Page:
Startups

TC Disrupt Main Stage: Mirror Wants To Get You Up And Running At Home

Startups are getting you to hit the gym (at home) again.

Mirror has developed a—you guessed it—mirror-like screen that streams live and on-demand fitness classes. Yesterday the company announced that it raised $25 million before hitting the Main Stage at TechCrunch Disrupt. Spark Capital, a previous Mirror investor, led the company’s round. Other Mirror investors include First Round Capital, Primary Venture Partners, BoxGroup, and Brainchild Holdings.

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Brynn Putnam, Mirror’s CEO, began her career in fitness as a professional dancer in the New York City Ballet. She told TC interviewer Lucas Matney that her motivation to develop Mirror was a combination of a newly busy lifestyle as an entrepreneur and a new mom, as well as the feedback that she received from members of Refine Method, a fitness studio Putnam founded.

“We took a poll of our clients at the studios, and they said the best thing we had done all year was put more mirrors into our gyms,” Putnam told Matney. She then combined that idea with the convenience of working out at home in the development of Mirror.

Mirror offers classes in cardio, strength, HIIT, yoga, boxing, and bar, to name a few. The product’s large screen has a built-in camera that is turned on during on-demand personal training classes. Users can also interact with classmates through chat features. The device also syncs with the user’s wearables, collects and displays data about past workouts and progress, and workouts can be adjusted based on the user’s biometric information.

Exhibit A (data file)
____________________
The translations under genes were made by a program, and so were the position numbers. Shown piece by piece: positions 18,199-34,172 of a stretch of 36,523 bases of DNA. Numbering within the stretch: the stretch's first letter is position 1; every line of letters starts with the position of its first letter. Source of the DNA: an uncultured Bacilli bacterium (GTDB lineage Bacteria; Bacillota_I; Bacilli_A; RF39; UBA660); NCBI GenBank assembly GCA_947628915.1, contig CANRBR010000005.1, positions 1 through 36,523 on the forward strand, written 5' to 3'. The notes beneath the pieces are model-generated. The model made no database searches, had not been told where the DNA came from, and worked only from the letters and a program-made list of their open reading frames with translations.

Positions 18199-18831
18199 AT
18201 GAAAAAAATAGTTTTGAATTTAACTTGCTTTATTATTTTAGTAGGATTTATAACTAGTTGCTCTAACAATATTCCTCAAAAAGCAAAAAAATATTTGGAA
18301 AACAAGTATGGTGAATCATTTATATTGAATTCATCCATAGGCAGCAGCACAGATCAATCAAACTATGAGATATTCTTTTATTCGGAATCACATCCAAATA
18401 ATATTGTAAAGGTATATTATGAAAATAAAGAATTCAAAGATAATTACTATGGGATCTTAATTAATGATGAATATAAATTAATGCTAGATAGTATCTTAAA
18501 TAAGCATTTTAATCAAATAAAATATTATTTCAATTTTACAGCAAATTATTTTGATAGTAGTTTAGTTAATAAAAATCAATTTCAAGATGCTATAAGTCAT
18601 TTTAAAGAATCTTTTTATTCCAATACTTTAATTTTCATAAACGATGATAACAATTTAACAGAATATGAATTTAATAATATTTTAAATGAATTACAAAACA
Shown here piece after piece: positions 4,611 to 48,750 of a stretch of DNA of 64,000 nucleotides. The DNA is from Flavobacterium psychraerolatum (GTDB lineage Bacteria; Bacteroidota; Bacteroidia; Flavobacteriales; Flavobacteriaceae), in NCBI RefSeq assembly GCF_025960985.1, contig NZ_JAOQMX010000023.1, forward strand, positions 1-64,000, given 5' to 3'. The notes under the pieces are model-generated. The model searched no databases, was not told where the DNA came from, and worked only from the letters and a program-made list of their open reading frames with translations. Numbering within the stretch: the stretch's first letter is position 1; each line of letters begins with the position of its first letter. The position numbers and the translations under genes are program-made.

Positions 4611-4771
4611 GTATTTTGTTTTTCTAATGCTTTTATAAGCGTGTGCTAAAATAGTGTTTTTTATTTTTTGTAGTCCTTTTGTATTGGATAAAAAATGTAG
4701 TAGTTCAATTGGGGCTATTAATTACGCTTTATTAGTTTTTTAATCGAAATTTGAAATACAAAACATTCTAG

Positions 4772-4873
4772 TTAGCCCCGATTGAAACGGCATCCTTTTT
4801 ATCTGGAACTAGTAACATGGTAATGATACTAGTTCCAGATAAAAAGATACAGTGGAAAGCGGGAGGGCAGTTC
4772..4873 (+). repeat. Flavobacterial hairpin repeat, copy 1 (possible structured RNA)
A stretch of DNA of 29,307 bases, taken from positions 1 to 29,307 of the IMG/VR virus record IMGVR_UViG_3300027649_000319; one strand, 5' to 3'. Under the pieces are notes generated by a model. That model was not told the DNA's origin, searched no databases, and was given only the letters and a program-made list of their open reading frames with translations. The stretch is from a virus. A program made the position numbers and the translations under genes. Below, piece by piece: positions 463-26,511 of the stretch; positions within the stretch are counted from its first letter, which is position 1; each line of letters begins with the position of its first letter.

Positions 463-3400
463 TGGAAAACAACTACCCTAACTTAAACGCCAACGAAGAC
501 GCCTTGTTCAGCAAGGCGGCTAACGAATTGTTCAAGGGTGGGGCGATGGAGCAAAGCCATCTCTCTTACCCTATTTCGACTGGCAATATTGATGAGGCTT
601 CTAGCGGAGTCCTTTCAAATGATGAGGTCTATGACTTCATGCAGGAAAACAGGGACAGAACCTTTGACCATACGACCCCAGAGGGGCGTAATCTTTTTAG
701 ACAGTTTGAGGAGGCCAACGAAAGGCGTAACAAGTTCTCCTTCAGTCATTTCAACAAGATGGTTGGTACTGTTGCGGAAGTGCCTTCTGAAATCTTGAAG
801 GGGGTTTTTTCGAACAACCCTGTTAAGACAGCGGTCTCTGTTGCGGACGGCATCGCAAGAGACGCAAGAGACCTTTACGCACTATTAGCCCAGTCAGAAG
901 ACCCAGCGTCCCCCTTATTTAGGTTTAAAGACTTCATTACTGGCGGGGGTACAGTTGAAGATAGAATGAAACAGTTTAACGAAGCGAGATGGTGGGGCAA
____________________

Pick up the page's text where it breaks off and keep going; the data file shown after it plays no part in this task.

[irp posts=”15200″ name=”The Most-Funded Fitness Startups Helping You Break A Sweat”]

Of course, the product may resemble a standard mirror or screen on a wall in appearance, but it certainly does not in price. The product runs for $1,495, not including the 12-month subscription plan. And, as we’ve reported before, Mirror isn’t the only startup jumping in on the fitness market.

Startups are tackling the fitness market from various angles. ClassPass and Peerfit are trying to make it easier to get people into the gym and fitness classes. Peloton has raised hundreds of millions for its connected stationary bikes and treadmills, while companies like Aaptiv and Headspace are looking to bring personal training to your phones and in your ears.

It’s a crowded market, but Putnam seemed to be confident that the product would become another screen essential in the average household. And while the company is tackling fitness first, it can potentially move into other verticals like physical therapy, beauty, and fashion in the future.